Endometriosis is an inflammatory disorder, and this inflammation can lead to increased pain, fatigue, and general feelings of unwellness. Mast cells are immune system cells that can stimulate inflammation (Graziottin, Skaper, & Fusco, 2014). Mast cells hold proinflammatory substances (such as histamine, cytokines, prostaglandins, and more), and, when activated, release these proinflammatory substances (Weller, n.d.). When responding to a threat to the body and for healing, this is a good thing. But when mast cells are activated in endometriosis, not so much.
Activated mast cells (the ones that have released all those proinflammatory substances) have been found in higher quantities in endometriosis lesions versus normal tissue (Hart, 2015; Indraccolo & Barbieri, 2010; Sugamata et al., 2005). Estrogen seems to stimulate mast cells to support the inflammatory process (Zhu et al., 2018). In fact, estrogen receptors are found on mast cells and the high local levels of estrogen from endometriotic lesions may activate the mast cells and lead to pain (Hart, 2015; Zhu et al., 2018). While many therapies for endometriosis involve lowering estrogen production by the feedback loop between the brain and the ovaries, it should be remembered that endometriosis lesions demonstrate production of estrogen themselves (and also show resistance to progesterone) (Delvoux et al., 2009). In fact, the level of estrogen in endometriosis lesions were related to pain symptoms in patients with endometriosis while blood levels of estrogen were not (Zhu et al., 2018).
In addition, nerve fibers in endometriosis lesions have been shown to “release neural peptides such as nerve growth factor and substance P” that in turn activate mast cells to release those proinflammatory substances “which contributes to the development of pain and hyperalgesia in patients with endometriosis” (Zhu & Zhang, 2013). Those granules released by mast cells can contribute to new blood vessel growth, more inflammation, and nerve growth, which can lead to pain (Graziottin, 2009). This persistent inflammation from endometriosis lesions “intensifies neurogenic inflammation and tissue damage” leading to “progressive functional and anatomic damage associated with prominent tissue scarring, exemplified by the natural history of endometriosis” and “up-regulation of nerve pain” (Graziottin, 2009).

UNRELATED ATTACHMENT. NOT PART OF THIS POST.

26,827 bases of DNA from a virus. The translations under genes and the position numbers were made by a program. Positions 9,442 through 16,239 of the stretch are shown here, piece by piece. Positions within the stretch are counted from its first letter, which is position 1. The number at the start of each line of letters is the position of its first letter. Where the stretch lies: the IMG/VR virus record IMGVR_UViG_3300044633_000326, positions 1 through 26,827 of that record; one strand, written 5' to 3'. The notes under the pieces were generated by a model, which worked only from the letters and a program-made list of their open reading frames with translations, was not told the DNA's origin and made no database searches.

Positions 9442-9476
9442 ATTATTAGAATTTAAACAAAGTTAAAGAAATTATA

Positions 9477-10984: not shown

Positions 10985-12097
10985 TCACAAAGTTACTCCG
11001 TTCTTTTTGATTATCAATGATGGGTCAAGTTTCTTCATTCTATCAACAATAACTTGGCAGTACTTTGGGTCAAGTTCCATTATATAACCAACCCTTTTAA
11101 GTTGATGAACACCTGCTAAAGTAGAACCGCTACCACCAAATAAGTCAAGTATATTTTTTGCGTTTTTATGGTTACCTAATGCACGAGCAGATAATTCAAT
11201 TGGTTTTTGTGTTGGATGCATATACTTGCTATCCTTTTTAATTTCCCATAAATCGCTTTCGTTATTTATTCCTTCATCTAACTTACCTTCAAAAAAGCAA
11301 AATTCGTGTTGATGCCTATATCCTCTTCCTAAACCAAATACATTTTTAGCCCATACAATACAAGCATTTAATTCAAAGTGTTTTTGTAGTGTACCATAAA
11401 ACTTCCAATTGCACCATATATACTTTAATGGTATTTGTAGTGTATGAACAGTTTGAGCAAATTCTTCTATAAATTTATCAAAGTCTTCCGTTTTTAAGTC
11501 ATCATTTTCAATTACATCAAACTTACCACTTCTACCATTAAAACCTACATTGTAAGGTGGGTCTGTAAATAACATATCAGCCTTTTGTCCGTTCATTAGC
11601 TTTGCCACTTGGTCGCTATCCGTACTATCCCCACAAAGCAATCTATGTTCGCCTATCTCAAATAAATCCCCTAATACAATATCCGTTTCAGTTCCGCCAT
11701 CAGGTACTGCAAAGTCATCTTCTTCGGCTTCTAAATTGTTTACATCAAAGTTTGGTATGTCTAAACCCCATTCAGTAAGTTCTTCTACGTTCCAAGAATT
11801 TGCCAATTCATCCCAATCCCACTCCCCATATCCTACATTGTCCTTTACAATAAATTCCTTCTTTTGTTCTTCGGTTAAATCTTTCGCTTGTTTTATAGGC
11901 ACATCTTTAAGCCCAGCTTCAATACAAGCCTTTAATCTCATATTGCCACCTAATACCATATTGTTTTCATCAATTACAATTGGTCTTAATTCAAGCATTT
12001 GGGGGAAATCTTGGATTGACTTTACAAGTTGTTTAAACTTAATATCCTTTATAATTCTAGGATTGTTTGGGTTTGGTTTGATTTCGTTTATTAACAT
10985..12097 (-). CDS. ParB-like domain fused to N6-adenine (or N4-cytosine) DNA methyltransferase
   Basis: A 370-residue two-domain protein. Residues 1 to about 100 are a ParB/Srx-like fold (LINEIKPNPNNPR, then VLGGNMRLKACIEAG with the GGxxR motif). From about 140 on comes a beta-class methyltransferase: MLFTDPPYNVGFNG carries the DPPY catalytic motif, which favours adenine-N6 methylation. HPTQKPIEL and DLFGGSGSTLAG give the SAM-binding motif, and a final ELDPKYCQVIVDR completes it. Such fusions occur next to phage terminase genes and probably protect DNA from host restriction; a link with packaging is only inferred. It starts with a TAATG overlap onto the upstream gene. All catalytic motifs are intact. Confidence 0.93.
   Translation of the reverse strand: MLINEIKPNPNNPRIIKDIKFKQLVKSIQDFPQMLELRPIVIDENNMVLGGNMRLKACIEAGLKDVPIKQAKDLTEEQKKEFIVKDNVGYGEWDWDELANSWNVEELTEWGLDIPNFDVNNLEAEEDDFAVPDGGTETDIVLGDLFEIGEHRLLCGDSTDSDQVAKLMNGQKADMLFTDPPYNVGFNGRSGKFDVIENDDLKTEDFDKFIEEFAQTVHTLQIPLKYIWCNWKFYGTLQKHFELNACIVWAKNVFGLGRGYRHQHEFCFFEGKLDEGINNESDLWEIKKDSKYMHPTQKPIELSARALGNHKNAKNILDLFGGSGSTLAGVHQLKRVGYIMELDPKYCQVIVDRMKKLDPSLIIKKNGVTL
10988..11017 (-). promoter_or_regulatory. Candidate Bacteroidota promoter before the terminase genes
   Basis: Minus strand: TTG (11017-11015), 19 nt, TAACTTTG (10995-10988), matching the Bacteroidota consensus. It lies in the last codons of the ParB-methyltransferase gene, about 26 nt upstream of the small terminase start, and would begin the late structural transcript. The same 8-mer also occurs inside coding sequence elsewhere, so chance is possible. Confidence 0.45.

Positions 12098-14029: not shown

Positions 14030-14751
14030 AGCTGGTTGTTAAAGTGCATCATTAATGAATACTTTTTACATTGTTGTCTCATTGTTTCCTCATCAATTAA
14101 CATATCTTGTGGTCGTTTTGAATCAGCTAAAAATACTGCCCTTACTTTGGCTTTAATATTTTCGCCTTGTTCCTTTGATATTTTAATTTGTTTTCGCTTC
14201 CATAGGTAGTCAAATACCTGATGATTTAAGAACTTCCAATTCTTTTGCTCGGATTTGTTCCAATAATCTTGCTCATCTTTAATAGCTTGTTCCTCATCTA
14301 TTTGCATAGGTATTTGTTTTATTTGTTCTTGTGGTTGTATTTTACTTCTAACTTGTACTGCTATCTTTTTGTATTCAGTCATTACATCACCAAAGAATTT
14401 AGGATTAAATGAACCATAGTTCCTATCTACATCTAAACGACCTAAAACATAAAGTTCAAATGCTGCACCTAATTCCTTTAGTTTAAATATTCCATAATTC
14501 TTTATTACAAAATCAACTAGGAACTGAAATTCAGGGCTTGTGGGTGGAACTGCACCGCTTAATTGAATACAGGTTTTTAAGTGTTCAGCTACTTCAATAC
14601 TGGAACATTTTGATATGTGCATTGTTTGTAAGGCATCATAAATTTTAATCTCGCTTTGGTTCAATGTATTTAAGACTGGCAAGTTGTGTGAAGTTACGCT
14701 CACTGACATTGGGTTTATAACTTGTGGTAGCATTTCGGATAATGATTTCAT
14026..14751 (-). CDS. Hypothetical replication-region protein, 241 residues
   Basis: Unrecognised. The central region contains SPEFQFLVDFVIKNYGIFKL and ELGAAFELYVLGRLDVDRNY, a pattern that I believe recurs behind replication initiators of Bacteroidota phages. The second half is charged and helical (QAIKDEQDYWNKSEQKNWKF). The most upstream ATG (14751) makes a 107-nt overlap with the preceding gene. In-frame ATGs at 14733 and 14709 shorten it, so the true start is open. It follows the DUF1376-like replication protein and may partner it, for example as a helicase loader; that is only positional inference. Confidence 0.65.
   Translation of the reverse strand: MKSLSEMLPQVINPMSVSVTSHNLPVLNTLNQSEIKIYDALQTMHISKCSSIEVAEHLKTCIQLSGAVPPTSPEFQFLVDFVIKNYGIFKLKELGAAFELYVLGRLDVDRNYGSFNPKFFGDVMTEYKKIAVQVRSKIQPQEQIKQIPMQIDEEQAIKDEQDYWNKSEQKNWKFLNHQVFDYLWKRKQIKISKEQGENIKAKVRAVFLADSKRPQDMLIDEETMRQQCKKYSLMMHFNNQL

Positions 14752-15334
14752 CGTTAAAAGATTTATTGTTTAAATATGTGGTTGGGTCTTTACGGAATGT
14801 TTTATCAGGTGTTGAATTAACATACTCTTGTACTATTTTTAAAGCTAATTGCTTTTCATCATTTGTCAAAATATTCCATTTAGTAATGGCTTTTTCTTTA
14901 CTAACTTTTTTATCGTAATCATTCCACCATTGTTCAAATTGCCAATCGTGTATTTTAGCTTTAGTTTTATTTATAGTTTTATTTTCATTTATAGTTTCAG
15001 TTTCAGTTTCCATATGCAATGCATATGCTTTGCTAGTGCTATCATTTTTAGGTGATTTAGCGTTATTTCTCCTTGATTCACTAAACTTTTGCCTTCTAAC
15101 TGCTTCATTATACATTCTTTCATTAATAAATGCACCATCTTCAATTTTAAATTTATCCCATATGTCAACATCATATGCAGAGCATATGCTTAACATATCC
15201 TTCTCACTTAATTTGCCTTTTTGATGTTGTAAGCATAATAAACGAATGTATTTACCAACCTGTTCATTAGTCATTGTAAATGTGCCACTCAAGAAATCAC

So, mast cells are recruited to endometriosis lesions, respond to the higher local estrogen and other inflammatory conditions, release their proinflammatory substances which can lead to pain and scarring. This effect of mast cells is associated in other pain syndromes as well, such as interstitial cystitis, IBS, vulvodynia, complex regional pain syndrome, migraines, and fibromyalgia (Aich et al., 2015).
Aich, A., Afrin, L. B., & Gupta, K. (2015). Mast cell-mediated mechanisms of nociception. International journal of molecular sciences, 16(12), 29069-29092. Retrieved from https://doi.org/10.3390/ijms161226151
Delvoux, B., Groothuis, P., D’Hooghe, T., Kyama, C., Dunselman, G., & Romano, A. (2009). Increased production of 17β-estradiol in endometriosis lesions is the result of impaired metabolism. The Journal of Clinical Endocrinology & Metabolism, 94(3), 876-883. Retrieved from https://academic.oup.com/jcem/article/94/3/876/2596530
Graziottin, A., Skaper, S. D., & Fusco, M. (2014). Mast cells in chronic inflammation, pelvic pain and depression in women. Gynecological Endocrinology, 30(7), 472-477. Retrieved from https://www.tandfonline.com/doi/abs/10.3109/09513590.2014.911280
Graziottin, A. (2009). Mast cells and their role in sexual pain disorders. Female Sexual Pain Disorders, 176. Retrieved from https://www.fondazionegraziottin.org/ew/ew_articolo/1820%20-%20mast%20cells%20and%20SPD.pdf
Hart, D. A. (2015). Curbing inflammation in multiple sclerosis and endometriosis: should mast cells be targeted?. International journal of inflammation, 2015. Retrieved from https://www.hindawi.com/journals/iji/2015/452095/
Indraccolo, U., & Barbieri, F. (2010). Effect of palmitoylethanolamide–polydatin combination on chronic pelvic pain associated with endometriosis: Preliminary observations. European Journal of Obstetrics & Gynecology and Reproductive Biology, 150(1), 76-79. Retrieved from https://www.sciencedirect.com/science/article/abs/pii/S0301211510000424
Sugamata, M., Ihara, T., & Uchiide, I. (2005). Increase of activated mast cells in human endometriosis. American journal of reproductive immunology, 53(3), 120-125. Retrieved from https://doi.org/10.1111/j.1600-0897.2005.00254.x
Weller, C. (n.d.). Mast cells. Retrieved from https://www.immunology.org/public-information/bitesized-immunology/cells/mast-cells
Zhu, T. H., Ding, S. J., Li, T. T., Zhu, L. B., Huang, X. F., & Zhang, X. M. (2018). Estrogen is an important mediator of mast cell activation in ovarian endometriomas. Reproduction, 155(1), 73-83. Retrieved from https://doi.org/10.1530/REP-17-0457
Zhu, L., & Zhang, X. (2013). Research advances on the role of mast cells in pelvic pain of endometriosis. Journal of Zhejiang University (Medical Science), 42(4), 461. DOI: 10.3785/j.issn.1008-9292.2013.04.015